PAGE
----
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Murphy's Law states that anything that can go wrong will go wrong. During my recent cross-country move, things went so badly that even Murphy would step back and say, "Wow, that's rough." The ridiculous series of events was so improbable that I'm going to relay them here so that others can learn from my many, many mistakes. Take it from a suddenly broke person. A little planning can save a lot of pain in the wallet.

Help! I Finally Made the Big Move and Now I'm Broke!

You Better Shop Around

The first error in judgment I made was my worst one. Everything else that went wrong happened because of it. I didn't create a budget. I'd just found my dream job in New York City, which meant that I'd have to pack up my bags and leave Los Angeles. So, I hopped on my favorite message board to ask people who'd made the same move how much they'd spent. People estimated $3,000, and since the company offered to pay for my move up to $3,500, I thought I was in great shape. I was wrong.

Packing up my stuff and changing cities required a few key decisions. The first thing I had to decide was whether to use movers to pack up my bags here. At the time, thoughts of my new job and my new life distracted me, so I hurried my choice. I received an estimate that struck me as fair, $800 to pack up all my stuff and $2,000 to move it to New York. That left me some room in the budget, so it seemed fair. 
Only later did I discover that I should have shopped around. There are literally dozens of moving companies in most major cities. By getting a lot of estimates, I'd have learned that my quote was double what some other movers would have accepted. Plus, there were hidden fees I didn't even understand.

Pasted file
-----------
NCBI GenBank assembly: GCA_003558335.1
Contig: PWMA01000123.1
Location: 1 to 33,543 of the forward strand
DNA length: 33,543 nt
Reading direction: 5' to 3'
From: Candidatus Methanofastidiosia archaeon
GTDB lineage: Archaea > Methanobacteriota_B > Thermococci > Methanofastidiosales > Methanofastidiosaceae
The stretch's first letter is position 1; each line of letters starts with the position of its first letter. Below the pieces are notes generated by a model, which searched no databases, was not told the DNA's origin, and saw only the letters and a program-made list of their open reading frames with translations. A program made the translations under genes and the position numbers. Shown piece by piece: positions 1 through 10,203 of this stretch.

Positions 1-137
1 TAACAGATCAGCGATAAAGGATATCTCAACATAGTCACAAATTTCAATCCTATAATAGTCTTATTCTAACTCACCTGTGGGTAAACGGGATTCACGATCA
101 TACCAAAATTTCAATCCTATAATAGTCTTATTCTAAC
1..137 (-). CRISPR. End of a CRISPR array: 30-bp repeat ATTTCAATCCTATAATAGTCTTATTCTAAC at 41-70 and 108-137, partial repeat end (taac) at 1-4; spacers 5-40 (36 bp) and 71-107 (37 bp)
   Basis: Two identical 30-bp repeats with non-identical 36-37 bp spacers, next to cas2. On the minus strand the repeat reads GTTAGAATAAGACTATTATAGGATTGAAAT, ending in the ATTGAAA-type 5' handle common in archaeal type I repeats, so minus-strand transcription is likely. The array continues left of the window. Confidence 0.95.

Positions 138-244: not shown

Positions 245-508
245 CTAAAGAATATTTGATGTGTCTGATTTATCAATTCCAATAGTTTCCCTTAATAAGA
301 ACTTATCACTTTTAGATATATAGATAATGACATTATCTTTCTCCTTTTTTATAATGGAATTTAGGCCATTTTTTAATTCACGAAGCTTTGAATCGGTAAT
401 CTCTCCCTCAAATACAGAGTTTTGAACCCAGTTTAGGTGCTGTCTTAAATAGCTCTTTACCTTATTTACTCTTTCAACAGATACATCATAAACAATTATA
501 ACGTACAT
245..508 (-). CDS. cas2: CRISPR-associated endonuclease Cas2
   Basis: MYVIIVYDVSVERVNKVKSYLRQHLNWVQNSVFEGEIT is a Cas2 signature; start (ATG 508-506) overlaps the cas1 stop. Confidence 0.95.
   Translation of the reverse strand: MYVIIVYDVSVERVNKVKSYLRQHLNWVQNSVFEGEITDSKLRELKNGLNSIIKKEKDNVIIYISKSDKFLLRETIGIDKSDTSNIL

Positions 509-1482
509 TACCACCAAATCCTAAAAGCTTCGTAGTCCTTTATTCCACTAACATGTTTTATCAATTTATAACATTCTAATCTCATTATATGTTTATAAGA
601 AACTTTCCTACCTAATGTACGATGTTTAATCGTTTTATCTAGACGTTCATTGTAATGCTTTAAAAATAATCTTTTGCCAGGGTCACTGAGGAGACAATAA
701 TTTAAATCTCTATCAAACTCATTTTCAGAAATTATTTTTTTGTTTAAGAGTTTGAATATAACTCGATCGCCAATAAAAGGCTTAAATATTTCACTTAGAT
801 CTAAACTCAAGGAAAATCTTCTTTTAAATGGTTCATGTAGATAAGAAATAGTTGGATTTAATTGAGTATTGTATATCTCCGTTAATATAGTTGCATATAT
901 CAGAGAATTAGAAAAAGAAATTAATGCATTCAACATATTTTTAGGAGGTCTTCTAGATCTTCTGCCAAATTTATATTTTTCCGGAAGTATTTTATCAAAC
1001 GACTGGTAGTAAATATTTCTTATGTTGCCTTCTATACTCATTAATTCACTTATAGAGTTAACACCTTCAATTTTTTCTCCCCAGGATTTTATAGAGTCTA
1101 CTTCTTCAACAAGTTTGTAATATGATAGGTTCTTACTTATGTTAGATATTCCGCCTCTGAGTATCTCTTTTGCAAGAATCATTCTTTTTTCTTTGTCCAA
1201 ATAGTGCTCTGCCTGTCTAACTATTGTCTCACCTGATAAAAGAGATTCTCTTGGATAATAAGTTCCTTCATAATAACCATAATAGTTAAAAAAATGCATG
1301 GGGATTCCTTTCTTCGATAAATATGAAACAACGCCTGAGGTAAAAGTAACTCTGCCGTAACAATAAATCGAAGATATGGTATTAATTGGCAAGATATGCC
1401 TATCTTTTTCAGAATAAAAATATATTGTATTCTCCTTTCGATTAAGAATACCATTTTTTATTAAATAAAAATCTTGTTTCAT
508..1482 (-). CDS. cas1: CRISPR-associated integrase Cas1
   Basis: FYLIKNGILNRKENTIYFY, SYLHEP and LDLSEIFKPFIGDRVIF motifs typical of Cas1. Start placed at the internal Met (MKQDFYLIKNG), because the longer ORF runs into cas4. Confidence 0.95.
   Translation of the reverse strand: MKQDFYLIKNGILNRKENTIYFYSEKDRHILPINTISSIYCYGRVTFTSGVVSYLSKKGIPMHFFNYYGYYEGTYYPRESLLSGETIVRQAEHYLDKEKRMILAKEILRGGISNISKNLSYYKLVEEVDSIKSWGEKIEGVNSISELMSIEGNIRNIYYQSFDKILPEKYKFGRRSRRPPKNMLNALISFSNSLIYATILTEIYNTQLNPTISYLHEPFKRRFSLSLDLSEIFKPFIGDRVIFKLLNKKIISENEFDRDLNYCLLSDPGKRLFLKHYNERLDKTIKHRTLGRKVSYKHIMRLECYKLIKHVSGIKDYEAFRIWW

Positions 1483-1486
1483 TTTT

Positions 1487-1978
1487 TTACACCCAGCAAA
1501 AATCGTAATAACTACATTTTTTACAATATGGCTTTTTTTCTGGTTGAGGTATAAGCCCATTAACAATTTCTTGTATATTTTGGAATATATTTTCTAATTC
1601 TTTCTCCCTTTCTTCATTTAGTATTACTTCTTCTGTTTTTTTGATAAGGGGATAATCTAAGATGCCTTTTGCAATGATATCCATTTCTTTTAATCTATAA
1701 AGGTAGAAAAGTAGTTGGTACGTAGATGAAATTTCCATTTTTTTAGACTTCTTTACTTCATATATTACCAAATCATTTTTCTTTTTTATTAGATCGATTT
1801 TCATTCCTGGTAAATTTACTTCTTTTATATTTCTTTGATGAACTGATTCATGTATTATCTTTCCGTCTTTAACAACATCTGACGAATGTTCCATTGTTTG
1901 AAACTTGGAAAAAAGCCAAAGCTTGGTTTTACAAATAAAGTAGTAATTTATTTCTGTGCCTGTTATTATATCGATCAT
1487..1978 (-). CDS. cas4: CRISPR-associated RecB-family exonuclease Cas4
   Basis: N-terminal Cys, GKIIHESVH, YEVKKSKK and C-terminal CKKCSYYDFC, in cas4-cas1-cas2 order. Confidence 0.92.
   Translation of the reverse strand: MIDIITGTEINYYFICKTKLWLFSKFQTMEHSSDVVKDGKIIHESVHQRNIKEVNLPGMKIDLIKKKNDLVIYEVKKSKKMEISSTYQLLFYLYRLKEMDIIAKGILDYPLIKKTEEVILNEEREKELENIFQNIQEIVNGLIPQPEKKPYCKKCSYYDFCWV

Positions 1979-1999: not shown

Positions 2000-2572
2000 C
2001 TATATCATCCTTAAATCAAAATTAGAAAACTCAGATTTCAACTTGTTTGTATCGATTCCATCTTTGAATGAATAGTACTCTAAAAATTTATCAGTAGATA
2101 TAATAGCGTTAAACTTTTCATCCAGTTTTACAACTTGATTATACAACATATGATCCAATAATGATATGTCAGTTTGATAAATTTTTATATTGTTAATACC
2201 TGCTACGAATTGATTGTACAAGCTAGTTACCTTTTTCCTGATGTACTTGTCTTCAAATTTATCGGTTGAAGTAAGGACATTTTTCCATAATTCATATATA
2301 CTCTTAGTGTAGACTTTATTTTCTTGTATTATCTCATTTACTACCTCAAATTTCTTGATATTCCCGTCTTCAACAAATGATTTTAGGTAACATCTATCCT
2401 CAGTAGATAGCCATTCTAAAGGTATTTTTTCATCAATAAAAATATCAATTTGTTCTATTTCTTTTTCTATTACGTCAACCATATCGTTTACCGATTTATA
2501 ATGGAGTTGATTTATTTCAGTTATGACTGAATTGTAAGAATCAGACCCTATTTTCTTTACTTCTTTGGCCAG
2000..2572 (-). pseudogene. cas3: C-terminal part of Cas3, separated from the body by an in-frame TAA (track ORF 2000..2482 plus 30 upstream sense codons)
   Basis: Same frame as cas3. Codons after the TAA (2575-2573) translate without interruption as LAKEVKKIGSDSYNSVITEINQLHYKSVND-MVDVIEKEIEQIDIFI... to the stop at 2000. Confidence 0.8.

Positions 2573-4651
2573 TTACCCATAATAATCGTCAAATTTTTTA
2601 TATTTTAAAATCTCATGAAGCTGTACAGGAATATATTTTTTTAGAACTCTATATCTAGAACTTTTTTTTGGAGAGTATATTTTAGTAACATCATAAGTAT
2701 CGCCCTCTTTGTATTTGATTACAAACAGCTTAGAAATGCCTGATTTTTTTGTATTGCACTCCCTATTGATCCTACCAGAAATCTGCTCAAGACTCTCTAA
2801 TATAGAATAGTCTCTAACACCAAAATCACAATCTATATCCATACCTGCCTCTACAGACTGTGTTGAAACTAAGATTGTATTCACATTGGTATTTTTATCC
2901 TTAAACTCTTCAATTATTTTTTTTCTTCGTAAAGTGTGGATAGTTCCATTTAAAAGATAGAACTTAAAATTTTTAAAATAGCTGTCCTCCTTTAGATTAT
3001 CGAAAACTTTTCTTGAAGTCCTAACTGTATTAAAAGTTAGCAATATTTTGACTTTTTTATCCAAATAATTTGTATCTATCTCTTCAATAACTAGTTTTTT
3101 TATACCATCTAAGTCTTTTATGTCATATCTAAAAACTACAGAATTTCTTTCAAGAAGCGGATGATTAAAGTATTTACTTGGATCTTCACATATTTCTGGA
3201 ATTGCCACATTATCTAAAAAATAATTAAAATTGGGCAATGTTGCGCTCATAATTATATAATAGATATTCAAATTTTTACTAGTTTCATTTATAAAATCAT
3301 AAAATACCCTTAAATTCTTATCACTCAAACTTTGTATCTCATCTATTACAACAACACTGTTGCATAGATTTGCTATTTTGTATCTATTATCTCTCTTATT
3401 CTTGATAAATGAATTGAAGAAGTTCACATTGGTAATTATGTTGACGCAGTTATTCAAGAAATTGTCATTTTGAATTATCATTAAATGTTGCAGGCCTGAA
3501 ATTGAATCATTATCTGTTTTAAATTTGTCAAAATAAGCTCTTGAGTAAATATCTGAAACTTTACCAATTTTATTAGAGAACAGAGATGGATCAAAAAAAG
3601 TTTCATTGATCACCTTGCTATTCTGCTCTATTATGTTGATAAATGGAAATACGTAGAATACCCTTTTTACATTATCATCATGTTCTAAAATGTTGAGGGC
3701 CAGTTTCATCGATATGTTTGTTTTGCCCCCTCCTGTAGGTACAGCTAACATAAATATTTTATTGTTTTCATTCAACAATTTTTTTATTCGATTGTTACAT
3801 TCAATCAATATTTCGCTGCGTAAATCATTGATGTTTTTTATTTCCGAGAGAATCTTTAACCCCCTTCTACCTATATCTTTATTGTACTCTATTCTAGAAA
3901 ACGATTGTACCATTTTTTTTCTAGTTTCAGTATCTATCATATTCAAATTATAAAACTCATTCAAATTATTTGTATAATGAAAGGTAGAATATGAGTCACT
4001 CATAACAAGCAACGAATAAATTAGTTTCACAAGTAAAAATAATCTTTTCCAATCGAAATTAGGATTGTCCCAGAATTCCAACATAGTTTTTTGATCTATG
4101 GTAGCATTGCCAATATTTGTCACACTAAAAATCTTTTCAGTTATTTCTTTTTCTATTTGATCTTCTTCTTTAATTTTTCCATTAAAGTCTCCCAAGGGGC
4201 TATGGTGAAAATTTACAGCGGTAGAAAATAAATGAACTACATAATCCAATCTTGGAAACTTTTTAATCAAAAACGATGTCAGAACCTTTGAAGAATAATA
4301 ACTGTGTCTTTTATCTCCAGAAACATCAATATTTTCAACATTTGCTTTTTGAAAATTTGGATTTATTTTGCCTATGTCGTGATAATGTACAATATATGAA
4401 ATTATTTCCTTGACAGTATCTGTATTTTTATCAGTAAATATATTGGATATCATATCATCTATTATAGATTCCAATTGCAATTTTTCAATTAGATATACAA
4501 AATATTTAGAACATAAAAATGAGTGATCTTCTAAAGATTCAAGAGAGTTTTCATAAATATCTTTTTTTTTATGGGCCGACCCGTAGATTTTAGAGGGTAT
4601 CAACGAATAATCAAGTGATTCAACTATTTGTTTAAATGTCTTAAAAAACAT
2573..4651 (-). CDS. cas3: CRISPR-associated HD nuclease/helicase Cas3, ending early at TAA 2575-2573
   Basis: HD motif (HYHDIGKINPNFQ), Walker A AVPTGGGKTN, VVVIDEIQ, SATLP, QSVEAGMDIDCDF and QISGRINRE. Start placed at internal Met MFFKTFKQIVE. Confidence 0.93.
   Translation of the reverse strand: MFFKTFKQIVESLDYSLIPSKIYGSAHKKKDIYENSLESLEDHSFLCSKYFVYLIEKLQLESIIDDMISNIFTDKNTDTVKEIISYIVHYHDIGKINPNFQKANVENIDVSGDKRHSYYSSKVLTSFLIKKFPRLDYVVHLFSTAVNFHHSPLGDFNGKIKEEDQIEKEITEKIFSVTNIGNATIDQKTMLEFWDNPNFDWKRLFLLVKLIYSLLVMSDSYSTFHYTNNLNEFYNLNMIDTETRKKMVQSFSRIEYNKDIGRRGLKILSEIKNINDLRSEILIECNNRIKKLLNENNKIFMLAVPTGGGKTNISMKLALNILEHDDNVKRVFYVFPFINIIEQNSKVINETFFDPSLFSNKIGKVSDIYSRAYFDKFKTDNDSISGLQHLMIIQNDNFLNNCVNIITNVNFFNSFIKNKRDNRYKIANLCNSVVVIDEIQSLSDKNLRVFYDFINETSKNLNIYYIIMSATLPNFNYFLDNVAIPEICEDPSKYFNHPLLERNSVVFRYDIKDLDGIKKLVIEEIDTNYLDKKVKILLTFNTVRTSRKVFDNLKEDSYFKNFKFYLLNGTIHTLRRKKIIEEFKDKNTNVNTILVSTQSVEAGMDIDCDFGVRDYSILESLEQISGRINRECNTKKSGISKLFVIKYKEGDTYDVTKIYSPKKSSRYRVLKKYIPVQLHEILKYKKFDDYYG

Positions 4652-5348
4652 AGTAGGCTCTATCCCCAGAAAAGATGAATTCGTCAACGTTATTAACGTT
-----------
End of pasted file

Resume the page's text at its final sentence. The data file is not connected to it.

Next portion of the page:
Check the Fine Print 

When the movers arrived, they didn't bring a dolly because they expected me to have my own. Did you know that there are different kinds? I had to rent three: an appliance dolly, a furniture dolly, and a utility dolly. Plus, they told me to get furniture covers as well. In total, I had to pay $75 more simply because I didn't know what the movers would bring. Some rental companies apparently add these items for free. Always ask to avoid these surprise expenses! 
That wasn't my only problem with the movers, though. I didn't ask enough questions about how payment works. Once the two people had loaded everything on my truck, they looked at me expectantly. Tipping wasn't covered in the initial payment, and they expected $40 each! They said 10 percent of the total payment was fair, something I later realized was untrue; $40 for both of them would have been a great tip! 

Flier's Remorse 

I also made a mistake with my car. I didn't want to drive it across the country for four days. It's a distance of 2,800 miles with 10 hours of driving each day. So, I paid the movers to do it. That was the ultimate gouge. They charged $1,000 to transport my car, which was more than the cost of packing my stuff. It was also double the price of my $500 plane ticket. Unfortunately, I'd already paid for my flight before I discovered the cost. 
The biggest shocks didn't occur until I reached New York. I was so excited about my new life that I failed to consider I'd arrived before my stuff did. I had to pay $250 for residence at an extended stay hotel while waiting. 

Packing But Not Unpacking 

When my belongings finally joined me in the Big Apple, there was another twist. The movers only paid for packers on one coast. I was responsible for unpacking all my stuff at my new home. I was already way over my $3,500 budget, and all my worldly possessions were still stuck on the moving truck! 
I paid a new set of movers another $750 to unload the truck. There was still another pair of surprises remaining, though. I'd forgotten to mention to them that I own a grand piano. They curtly informed me that they'd charge $600 to carry it upstairs. I was now $2,500 over budget on a move I foolishly thought would cost me nothing.  

All in all, I paid over $6,000 for a move I expected to cost half that. If I had it to do all over again, I'd have researched everything and haggled about every detail. Instead, I'm completely broke during my first few months in New York City, so I can't enjoy my new life. I hope that you learn from my mistakes.


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